Defend or heal: fighting the ‘flu

A time to kill, a time to heal…a time to build up, a time to break down” Turn, turn, turn The Byrds (from Ecclesiastes 3.3)

At the cellular level you can either heal or defend, but you can’t do bothDr David Comely, my magical mysterious health adviser (in Wellington, NZ). This struck me as extremely profound. When animals (like us) feel safe, and loved, we heal or repair better; we can put all our energy into healing instead of defending.

Epigenetics, the switching on and off of genes, occurs at the cellular level. Google “genes are not your destiny” and you’ll find its whether you turn the genes on. Lifestyle (sugar, fasting, microbiome, activity) affects whether or how often genes are expressed.

Cell signals are complex Heath Robinson affairs; a signal hits the outside of the cell, there’s a secret handshake to get through the cell membrane and once inside, like a marble knocking over a switch pulling a string that lights a candle…. a cascade of signals changes a switch to “on” or “off”. That switch says to your cell “unwind that gene, and use it to stamp out copies, until you get another signal that says enough!”.

The complex chain of signals often end in a simple yes or no (on or off). They’re not open-ended choices, more like a game of 20 questions: Animal, vegetable or mineral? It’s the axis of opposites that I posted about: inflame or calm, store or release, break down or build up. Panic stations, you’re starving: turn down the thermostat, scavenge and recycle broken bits. Ample food, relax, crank up the heat, build new bits. And so when you’re ill, whether its the ‘flu or measles or the common cold, you want to know how to switch from defend to heal.

Sick baby monkeys in skin contact with their mothers produce many times more white blood cells than isolated baby monkeys, get well more quickly and have higher survival rates. Defend or heal; a baby without adult protection diverts its resources to defence. Immediate survival calls you to fight the tiger now; fight the ‘flu later (if you survive the tiger). So here’s the kicker – sending your body fear signals when there is no tiger takes your cells’ attention away from healing. And this is what we do in modern life.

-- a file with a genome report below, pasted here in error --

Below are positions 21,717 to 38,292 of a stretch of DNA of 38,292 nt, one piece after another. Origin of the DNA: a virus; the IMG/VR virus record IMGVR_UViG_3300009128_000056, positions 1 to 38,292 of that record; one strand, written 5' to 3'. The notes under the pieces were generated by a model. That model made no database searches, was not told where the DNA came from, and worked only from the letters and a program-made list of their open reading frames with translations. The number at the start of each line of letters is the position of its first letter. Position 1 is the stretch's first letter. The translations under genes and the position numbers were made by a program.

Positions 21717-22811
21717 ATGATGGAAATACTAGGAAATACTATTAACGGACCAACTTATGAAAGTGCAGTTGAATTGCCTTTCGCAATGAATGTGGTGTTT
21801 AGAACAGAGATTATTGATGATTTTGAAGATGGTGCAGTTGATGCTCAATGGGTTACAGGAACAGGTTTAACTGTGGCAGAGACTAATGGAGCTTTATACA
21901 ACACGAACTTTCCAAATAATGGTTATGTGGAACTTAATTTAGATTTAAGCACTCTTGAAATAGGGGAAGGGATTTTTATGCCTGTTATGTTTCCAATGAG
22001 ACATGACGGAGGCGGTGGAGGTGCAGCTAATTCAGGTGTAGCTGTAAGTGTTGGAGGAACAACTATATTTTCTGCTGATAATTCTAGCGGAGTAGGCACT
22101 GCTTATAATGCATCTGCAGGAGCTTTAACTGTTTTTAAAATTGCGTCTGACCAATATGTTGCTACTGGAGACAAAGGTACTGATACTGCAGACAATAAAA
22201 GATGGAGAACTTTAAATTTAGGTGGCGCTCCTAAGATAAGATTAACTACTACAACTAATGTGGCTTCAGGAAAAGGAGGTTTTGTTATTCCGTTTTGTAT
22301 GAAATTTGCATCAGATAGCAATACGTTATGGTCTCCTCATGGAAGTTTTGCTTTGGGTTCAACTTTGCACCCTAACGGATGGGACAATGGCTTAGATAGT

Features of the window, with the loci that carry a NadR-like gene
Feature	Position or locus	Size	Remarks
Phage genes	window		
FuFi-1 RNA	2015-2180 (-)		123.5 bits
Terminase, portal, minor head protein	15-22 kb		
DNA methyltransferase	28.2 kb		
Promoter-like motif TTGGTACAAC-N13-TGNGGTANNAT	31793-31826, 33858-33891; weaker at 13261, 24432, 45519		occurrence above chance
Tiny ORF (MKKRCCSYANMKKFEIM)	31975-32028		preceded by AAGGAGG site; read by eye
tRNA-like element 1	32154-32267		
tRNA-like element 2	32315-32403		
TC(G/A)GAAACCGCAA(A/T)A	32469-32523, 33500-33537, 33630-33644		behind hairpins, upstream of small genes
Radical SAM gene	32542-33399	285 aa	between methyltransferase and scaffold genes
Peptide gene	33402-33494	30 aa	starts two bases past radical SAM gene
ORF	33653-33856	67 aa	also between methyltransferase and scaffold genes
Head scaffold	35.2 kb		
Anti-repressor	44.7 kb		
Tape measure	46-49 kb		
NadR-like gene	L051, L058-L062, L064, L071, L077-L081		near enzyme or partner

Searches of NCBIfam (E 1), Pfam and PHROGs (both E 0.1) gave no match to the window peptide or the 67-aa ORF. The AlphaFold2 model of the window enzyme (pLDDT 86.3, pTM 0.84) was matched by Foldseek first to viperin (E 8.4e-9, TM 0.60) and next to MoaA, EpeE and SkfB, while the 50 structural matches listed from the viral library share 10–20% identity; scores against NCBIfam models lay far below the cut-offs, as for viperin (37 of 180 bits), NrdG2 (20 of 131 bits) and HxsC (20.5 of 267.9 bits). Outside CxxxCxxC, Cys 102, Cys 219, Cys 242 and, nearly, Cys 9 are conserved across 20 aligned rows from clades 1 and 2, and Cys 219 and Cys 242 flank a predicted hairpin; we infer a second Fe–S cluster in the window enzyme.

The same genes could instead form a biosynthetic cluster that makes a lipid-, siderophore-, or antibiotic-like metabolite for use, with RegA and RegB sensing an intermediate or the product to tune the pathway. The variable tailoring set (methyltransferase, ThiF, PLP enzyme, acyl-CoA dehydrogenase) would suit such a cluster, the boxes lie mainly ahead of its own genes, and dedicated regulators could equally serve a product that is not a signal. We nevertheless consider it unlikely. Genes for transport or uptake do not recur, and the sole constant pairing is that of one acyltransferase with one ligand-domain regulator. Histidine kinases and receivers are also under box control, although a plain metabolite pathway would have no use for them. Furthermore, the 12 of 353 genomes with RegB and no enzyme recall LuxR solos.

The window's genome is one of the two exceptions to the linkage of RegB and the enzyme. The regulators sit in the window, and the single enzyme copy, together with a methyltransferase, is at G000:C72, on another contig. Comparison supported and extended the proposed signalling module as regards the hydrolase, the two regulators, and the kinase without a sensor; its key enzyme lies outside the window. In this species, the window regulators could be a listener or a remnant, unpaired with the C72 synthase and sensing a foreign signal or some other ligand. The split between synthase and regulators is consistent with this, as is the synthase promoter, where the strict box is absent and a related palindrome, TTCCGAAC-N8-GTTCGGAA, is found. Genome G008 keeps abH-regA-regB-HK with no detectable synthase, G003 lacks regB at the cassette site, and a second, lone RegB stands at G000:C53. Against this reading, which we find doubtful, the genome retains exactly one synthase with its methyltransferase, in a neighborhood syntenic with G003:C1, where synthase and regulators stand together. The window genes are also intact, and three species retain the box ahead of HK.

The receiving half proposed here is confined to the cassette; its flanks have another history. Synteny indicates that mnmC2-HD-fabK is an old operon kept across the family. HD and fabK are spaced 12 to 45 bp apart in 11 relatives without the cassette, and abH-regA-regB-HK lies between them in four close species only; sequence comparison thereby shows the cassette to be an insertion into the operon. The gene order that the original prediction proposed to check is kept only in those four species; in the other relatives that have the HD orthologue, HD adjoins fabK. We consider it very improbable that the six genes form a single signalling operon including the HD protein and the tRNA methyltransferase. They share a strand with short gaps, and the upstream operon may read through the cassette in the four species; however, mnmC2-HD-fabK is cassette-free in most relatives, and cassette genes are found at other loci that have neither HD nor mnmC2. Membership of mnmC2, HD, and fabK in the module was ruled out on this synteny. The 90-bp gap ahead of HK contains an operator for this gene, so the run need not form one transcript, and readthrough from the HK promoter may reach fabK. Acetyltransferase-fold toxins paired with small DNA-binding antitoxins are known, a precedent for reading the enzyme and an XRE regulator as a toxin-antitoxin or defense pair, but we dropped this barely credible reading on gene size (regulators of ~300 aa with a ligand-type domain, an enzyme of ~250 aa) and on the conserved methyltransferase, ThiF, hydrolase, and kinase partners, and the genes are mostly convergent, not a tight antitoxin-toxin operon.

Compared to our ancestors (say, out on the icy lake with frozen extremities, fishing for dinner), our lives are paradise. We can well afford to relax and play. But many of us live in a state of anxiety, fighting imaginary tigers 24/7, with no let-up.

Do you sense an underlying, existential angst? Perhaps unworthiness, a need to justify your existence, insecurity, fear or just thinking you’re a loser. You tell this to your body (slumping shoulders, tight jaw, churning stomach), and it sets your cells to “defend”. Martha Beck relates a client felt one step from homeless destitution so had a goal of $20m; on reaching $20m still felt unsafe and revised it to $40m. Moral of the story, it was never about the bank balance, it was an emotional state. Which of your tigers are imaginary, when they all feel real? And what can you do about it?

Our ancestors lived a daily cycle: heat, light, activity and stress; then cool, dark, quiet, and relax (see circadian rhythm). This is a daily cycle of “on” (defend) and “off” (heal). Our modern daily cycle is more often work-stress then play-stress (social media ‘status-anxiety’, action-horror-thriller shows, or outrage-based clickbait that passes for “news”).

Here’s a thought. In the old days if you hadn’t found any berries or caught your antelope by sundown, you had to down tools. When the light faded, you had to stop. If we stress in the day and relax at night, we can cycle between heal and defend. Relaxing and smelling the roses feels good, and is vitally important to your health and wellbeing at a cellular level. It’s not ‘wasting time’. When you’re sick, try it out. What rituals make you feel safe, cosseted and protected like those baby monkeys?

I’m trying out a radical old idea; being more aware of seasons, light and weather. When the sun goes down this is my cue to stop eating (early dinner), contemplate safety, do quiet, relaxing things. My lights are dim and phone and computer screens are orange, (f.lux or Twilight). When you’re feeling low, I invite you to join me at sunset to down tools and relax, for sanity and to boost healing.

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